CPU Scheduling in Hyper-V explained

With all the focus (including mine) being on that other critical resource, (dynamic) memory, it is good to also review what Hyper-V does for CPUs. These articles explain exactly how CPU scheduling works in Hyper-V.

Virtual machine reserve

This is configured as a percentage of the total possible CPU usage of a virtual machine. The virtual machine reserve functions in a couple of ways.

The first one is when a virtual machine is turned on. We will not let a virtual machine turn on if we determine that it is not possible to honor the virtual machine reserve. For example, if you configured each of your (4 virtual processor) virtual machines (on our fictitious computer) with a reserve of 20% we would only let you start 5 virtual machines. When you tried to start a 6th virtual machine you would get an error message stating that you cannot initialize the virtual machine.

Note that you will get this error even if all 5 running virtual machines are completely idle and are not using any CPU resource.

The second way that the virtual machine reserve is used is when there is contention for resource on the CPU. Simply put – if there is higher demand for CPU than is physically available, we will ensure that a virtual machine that needs CPU resource gets at least its CPU reserve.

What surprises some people is that we do not enforce the reserve when there is no contention for CPU resource. To explain what I mean by this:

Imaging our fictitious setup with 5 virtual machines, each with a 20% reserve, and all 5 virtual machines running and idle (0 CPU utilization). At this point in time all CPU resource has been reserved. Now, what will happen if one of these virtual machines tries to use 100% of available CPU resource while the others remain idle? In short – we will let the virtual machine have 100% of the available CPU.

The reason for this is that we can always take CPU resource back from a virtual machine. So as long as we know that the sum total of running virtual machines do not exceed 100% CPU reserve, we can let any given virtual machine chew into another virtual machines reserve, because when it is needed we can make sure the reserve is honored.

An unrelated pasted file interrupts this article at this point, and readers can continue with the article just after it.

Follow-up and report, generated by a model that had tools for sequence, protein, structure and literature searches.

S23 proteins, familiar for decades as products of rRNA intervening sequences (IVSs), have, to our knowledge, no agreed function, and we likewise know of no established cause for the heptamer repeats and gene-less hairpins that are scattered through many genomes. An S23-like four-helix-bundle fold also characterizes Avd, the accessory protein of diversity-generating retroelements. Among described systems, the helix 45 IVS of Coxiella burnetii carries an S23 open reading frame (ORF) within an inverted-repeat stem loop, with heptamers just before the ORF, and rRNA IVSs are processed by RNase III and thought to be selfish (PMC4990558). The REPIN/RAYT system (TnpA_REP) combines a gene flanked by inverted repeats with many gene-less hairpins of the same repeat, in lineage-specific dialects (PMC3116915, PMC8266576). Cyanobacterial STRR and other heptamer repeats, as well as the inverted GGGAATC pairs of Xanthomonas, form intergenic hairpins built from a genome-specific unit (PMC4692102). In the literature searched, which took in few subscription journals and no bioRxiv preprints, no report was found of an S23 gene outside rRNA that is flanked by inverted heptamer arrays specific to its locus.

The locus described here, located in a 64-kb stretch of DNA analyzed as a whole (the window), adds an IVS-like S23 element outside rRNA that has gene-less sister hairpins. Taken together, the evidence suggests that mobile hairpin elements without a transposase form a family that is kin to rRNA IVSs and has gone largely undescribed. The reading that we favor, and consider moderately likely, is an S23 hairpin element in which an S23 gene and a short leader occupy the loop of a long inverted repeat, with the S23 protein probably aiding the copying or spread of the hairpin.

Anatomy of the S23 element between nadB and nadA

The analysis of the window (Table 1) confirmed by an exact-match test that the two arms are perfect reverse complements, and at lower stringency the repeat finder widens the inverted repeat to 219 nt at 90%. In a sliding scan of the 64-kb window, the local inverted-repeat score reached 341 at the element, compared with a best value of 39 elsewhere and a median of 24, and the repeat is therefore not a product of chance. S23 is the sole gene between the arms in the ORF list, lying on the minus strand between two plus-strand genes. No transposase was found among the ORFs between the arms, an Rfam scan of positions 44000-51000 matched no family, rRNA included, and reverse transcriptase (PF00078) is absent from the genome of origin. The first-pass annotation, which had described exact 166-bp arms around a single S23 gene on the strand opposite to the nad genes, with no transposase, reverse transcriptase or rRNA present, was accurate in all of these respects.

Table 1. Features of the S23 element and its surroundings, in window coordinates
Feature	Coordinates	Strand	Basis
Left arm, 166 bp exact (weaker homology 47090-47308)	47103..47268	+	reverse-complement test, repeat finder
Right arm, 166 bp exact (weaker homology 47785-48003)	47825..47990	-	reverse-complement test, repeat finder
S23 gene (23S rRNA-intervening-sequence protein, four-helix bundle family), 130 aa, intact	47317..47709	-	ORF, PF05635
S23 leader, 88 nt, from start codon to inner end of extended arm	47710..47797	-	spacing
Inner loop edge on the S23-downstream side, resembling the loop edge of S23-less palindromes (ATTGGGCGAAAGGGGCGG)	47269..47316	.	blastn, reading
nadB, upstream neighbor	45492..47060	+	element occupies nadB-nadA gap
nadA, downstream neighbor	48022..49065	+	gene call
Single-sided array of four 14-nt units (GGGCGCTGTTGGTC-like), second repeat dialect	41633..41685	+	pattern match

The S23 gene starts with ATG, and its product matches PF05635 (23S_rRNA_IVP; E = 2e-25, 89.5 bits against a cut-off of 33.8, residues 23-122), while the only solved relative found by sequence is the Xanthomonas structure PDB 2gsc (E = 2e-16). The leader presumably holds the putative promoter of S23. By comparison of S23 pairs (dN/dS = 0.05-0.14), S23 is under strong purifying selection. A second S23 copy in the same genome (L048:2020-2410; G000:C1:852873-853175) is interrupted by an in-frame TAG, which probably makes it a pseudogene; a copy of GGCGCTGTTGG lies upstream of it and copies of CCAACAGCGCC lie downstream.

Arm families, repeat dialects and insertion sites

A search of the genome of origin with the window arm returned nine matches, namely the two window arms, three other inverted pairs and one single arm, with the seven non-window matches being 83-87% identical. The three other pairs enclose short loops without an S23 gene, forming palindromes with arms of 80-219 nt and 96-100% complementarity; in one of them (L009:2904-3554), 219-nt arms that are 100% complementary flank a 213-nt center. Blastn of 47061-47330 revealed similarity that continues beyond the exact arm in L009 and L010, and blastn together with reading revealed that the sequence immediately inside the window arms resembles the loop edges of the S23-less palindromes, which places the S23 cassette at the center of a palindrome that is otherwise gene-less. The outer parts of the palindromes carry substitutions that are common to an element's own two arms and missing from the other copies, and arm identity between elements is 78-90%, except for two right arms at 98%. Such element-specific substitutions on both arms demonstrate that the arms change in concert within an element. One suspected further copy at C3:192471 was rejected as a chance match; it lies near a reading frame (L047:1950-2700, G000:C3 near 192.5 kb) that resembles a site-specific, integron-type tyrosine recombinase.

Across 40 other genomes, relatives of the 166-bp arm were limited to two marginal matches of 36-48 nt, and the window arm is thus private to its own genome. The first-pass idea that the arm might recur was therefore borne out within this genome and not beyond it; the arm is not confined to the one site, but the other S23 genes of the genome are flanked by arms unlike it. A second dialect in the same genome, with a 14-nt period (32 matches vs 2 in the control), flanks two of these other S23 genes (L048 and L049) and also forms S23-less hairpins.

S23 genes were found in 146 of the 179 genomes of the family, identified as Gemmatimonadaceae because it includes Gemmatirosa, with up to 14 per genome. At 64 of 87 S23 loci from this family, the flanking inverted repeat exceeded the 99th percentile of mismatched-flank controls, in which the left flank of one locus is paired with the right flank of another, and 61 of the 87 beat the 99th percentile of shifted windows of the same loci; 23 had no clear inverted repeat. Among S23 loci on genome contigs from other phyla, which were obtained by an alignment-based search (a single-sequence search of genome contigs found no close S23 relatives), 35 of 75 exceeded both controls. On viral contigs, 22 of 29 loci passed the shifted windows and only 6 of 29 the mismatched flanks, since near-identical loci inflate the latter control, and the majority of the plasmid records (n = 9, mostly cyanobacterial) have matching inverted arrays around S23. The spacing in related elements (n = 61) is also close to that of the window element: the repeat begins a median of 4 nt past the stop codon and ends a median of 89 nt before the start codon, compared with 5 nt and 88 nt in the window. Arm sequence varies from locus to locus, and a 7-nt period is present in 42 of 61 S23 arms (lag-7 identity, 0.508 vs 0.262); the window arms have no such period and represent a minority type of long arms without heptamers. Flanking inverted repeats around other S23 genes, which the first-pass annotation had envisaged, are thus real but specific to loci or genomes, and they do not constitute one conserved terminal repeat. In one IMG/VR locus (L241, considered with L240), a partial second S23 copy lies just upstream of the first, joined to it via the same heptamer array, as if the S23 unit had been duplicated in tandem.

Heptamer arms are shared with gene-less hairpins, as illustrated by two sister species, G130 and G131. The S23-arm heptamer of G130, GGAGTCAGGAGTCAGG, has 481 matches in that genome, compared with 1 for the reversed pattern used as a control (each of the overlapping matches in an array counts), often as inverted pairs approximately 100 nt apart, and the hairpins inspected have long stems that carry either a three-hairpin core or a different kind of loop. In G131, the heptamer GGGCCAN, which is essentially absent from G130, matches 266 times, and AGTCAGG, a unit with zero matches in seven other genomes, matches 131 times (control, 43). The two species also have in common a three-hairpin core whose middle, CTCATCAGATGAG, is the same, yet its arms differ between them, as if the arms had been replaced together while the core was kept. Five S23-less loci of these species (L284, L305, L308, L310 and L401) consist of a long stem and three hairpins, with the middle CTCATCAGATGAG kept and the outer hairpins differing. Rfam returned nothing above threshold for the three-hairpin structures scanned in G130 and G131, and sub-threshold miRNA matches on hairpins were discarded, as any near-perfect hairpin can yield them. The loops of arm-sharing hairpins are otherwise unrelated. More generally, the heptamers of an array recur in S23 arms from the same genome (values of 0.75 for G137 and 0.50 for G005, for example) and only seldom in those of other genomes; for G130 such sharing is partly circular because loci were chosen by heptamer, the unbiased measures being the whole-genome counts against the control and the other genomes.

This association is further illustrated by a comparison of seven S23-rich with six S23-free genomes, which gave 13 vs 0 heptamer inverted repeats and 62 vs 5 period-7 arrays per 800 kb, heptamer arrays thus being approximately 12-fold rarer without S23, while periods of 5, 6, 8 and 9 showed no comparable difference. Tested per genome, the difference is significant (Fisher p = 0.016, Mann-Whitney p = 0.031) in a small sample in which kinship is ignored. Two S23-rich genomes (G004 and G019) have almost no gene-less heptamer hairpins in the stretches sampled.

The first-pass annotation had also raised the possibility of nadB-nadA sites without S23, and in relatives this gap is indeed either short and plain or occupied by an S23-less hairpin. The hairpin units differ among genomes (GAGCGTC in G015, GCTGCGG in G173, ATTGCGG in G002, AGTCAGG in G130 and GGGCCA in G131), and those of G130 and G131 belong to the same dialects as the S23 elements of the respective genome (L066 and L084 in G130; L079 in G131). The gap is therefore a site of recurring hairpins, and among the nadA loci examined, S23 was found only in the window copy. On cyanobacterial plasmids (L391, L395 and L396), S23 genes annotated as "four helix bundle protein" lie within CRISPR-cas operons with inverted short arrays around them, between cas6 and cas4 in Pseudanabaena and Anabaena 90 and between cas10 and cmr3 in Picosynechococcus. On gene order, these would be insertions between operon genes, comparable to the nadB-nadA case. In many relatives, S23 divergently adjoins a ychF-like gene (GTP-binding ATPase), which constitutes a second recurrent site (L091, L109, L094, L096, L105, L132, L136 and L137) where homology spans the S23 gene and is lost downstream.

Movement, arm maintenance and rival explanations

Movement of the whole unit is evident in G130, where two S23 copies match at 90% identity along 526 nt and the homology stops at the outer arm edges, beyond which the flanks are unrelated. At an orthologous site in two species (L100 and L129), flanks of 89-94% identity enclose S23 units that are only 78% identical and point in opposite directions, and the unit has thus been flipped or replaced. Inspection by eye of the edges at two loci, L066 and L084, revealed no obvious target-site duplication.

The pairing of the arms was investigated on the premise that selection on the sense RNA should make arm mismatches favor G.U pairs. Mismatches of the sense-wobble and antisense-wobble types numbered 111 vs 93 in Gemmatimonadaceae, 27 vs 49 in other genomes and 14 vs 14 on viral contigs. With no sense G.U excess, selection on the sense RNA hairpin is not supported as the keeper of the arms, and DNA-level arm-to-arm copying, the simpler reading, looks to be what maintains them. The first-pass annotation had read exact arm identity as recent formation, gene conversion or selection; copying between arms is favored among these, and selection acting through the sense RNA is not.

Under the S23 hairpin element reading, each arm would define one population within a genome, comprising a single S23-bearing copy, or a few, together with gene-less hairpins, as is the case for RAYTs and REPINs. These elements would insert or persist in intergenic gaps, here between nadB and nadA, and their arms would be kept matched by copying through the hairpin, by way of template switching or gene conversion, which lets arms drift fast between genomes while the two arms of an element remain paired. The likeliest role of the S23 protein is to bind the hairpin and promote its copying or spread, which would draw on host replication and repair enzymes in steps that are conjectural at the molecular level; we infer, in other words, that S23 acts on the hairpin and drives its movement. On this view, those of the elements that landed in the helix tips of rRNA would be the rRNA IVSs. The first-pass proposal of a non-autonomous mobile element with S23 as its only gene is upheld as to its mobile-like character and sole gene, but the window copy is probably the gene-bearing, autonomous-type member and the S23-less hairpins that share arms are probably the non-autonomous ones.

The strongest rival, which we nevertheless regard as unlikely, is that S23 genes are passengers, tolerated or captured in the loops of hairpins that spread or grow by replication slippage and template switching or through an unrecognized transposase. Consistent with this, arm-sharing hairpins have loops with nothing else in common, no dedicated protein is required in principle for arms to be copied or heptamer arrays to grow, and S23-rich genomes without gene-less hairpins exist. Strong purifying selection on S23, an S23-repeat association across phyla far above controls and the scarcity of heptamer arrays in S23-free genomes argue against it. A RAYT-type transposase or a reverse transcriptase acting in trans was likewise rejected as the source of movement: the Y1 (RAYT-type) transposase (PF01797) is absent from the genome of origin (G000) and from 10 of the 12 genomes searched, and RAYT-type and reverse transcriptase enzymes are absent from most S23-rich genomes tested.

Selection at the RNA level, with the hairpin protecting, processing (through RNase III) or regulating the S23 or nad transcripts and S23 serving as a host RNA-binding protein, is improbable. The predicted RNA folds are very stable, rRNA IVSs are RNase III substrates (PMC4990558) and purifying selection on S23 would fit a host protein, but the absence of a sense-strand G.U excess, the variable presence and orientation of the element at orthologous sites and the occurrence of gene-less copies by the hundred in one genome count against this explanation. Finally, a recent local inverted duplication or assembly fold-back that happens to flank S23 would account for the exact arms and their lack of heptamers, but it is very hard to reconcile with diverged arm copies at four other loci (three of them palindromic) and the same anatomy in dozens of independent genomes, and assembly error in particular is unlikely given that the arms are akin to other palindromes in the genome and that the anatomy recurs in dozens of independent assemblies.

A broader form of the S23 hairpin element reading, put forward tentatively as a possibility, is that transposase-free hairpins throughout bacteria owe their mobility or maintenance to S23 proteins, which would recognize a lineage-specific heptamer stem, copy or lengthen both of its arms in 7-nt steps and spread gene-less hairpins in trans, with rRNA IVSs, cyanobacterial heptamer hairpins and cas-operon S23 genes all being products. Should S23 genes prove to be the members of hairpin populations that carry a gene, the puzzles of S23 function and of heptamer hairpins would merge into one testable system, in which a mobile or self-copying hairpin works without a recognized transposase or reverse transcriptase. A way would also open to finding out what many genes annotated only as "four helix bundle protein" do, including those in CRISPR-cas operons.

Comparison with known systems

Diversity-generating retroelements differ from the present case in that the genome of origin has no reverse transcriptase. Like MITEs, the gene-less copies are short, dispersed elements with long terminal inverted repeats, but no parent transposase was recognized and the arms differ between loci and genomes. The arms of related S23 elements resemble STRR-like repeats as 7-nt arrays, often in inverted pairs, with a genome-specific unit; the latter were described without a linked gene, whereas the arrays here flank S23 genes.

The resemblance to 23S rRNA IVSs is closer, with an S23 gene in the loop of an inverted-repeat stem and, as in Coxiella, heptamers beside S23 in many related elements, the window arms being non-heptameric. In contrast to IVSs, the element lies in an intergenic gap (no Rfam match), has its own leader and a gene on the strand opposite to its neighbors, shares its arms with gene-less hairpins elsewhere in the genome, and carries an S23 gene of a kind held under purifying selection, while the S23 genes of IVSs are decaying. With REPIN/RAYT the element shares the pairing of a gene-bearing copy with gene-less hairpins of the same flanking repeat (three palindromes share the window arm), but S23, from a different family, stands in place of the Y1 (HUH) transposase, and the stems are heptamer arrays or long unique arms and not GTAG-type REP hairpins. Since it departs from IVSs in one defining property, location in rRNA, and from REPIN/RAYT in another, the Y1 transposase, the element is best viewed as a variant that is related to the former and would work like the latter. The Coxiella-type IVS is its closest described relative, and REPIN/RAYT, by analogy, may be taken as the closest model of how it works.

A final interesting note about the virtual machine reserve is that by default it is set to “0%” – which means the reserve is disabled. Furthermore – if you have a configuration like the one we have been discussing where all CPU is reserved, you can still start extra virtual machines as long their CPU reserve is set to 0%.

The lesson to learn here is that you should not get over-zealous with the virtual machine reserve, as things can get confusing.

Virtual machine limit

This is the second resource control setting that you can configure on the processor settings for a virtual machine and, like the virtual machine reserve, it is configured as a percentage of the total possible CPU usage of a virtual machine.

The virtual machine limit (or CPU limit) simply states that a virtual machine will never be allowed to use more than the specified percentage of its virtual processors – and compared to the other controls it is relatively easy to understand.

How do people use the CPU limit?

There is really only one common usage for the CPU limit – and that is for dealing with poorly written applications.

The classic scenario here is that you have a flaky application that is key to your operating environment – but every now and then it just gets confused and starts chewing up all the CPU resource it can. In these cases – you can use the CPU limit to make sure that it does not run away with all of your system resources.

Source: Hyper-V CPU Scheduling–Part 1 and Hyper-V CPU Scheduling–Part 2

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